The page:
Written by Zahtamal
A farmer in Besur village is applying biopesticides that he obtained from the "ATM" stations where the farmers can claim the bioagents for free. The biopesticides contain bacteria and fungi that Besur farmers cultivate in the village laboratory.
In the heart of Lamongan, East Java, lies a village that has inspired many villages in the region with its journey towards sustainable farming. In 2016, Besur village faced a severe agricultural crisis due to the Brown Planthopper (BPH) attack, which devastated their rice crops. However, this problematic situation led to a remarkable change. Instead of using chemical pesticides to manage the pest, farmers adopted sustainable farming practices. This decision was a huge success and became an inspiring example for others to follow. The journey started at Farmer's School.
The Indonesia Department of Agriculture (POPT) Lamongan region initiated the Farmer's School program in Besur village. Their goals were to empower farmers by helping them understand and apply the Integrated Pest Management (IPM) concept and make them self-reliant and capable of independently solving their agricultural challenges.
"Farmers had been using incorrect farming methods for 40 years. Therefore, we were committed to supporting them until they became self sufficient and comfortable, of adapting to the new concept. We know this won't be easy for us, but for the farmers, this new hope makes them enthusiastic to follow the program - Mumim (POPT Officer)
The Farmer School program spanning eight seasons from 2016 to 2019, produced promising results. Farmers significantly reduced their use of chemical pesticides, by about 50% per hectare. This Farmer School programme also led to increased agricultural yields and the positive outcomes further encouraged farmers to implement IPM and sustainable farming practices. These practices included maintaining planting gaps and using straw as organic material to enrich the soil instead of burning or discarding it.
Furthermore, the ability to analyze and solve the problem was also developed. For instance, when pest attacks returned after a six-year break, farmers did not run to apply chemical pesticides. Instead, they took a thoughtful approach. They held regular meetings to determine why brown planthopper infestations were returning and how they might deal with them effectively. Farmers came up with a clever solution: they changed their planting schedule. They started planting their crops earlier than usual, ensuring their rice crops would be mature enough to withstand the attack when the brown planthoppers returned.
Farmers are highly adaptive and have a strong commitment to sustainable farming practices, particularly when they have the knowledge and support to implement practices that can benefit their livelihoods and the environment. Their excellent problem-solving and analytical thinking skills make them even more innovative. To reduce the cost of biopesticides, farmers in this village initiated the creation of their own laboratory for making natural agents like bacteria and fungi. This saved them money and empowered them by creating their own solutions and enabled the products to be distributed free to other farmers in Besur Village. But the innovation continues beyond there. They've also found creative ways to use village land. They have set aside a part of their land, about four hectares, to grow unique refugia plants.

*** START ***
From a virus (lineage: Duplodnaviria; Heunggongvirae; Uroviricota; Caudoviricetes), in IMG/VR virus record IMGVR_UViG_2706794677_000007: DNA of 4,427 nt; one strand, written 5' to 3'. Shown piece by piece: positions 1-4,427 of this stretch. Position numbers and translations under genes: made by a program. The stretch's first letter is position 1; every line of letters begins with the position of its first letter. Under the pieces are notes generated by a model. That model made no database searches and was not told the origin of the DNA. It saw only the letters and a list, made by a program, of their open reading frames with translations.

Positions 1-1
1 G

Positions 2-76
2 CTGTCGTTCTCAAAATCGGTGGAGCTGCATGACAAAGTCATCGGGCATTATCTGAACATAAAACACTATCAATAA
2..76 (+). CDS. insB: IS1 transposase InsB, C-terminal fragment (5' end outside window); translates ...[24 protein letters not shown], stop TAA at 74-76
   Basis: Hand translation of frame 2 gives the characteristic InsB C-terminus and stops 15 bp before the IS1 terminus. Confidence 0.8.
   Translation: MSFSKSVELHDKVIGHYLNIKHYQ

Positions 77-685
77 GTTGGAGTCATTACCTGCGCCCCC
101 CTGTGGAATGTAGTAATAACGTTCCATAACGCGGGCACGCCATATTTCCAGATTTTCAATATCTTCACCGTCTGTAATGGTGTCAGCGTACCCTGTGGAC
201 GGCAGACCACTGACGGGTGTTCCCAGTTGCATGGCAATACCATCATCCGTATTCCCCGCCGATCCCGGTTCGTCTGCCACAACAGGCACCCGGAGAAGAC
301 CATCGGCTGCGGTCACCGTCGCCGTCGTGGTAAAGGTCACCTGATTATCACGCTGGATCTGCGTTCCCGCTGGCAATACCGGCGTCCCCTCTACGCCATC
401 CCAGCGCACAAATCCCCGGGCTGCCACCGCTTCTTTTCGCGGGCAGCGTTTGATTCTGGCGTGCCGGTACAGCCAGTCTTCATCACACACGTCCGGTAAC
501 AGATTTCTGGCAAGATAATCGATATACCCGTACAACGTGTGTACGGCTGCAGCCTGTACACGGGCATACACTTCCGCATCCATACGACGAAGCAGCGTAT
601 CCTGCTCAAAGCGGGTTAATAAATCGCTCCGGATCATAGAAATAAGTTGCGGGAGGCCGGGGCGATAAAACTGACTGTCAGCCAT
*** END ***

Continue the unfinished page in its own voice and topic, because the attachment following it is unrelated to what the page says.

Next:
These plants serve two purposes - they attract helpful insects like predators and parasitoids, and they invite tourists to experience the village's unique charm" -Zainuddin, farmer
The village is also committed to continuing to find better ways to produce food and support sustainable livelihoods. The PPAH Besur Community has some exciting projects underway; their latest project is the construction of a greenhouse for growing organic melons. It's still a work in progress, but they want everyone in Besur village to enjoy these delicious melons when it's done!
"We have also started working on cattle farming facilities, where we will manage cattle waste and turn it into valuable compost for our crops." - Muchlish, the head of the PPAH community
The spirit of Besur
The inspirational spirit of Besur village has reached many other villages. Farmers are eager to share their experiences with other farmers from different regions. Five villages are following in Besur's footsteps by adopting sustainable farming practices.
Besur village is now self-reliant and can solve their problems without needing intensive support from us. They are also actively starting similar programs in other areas, and we at the POPT are always ready to support and expand this program to more villages. It's our main focus right now. -Hamim, POPT Officer
Collaborating, exchanging knowledge, and sharing information among farmers are productive steps toward achieving the common goal of sustainable agriculture. What the Besur farmers have shown demonstrates that small villages can develop and innovate and be a model for sustainable agriculture practices. This collaborative spirit can be an example to small-scale farmers in Indonesia and communities everywhere.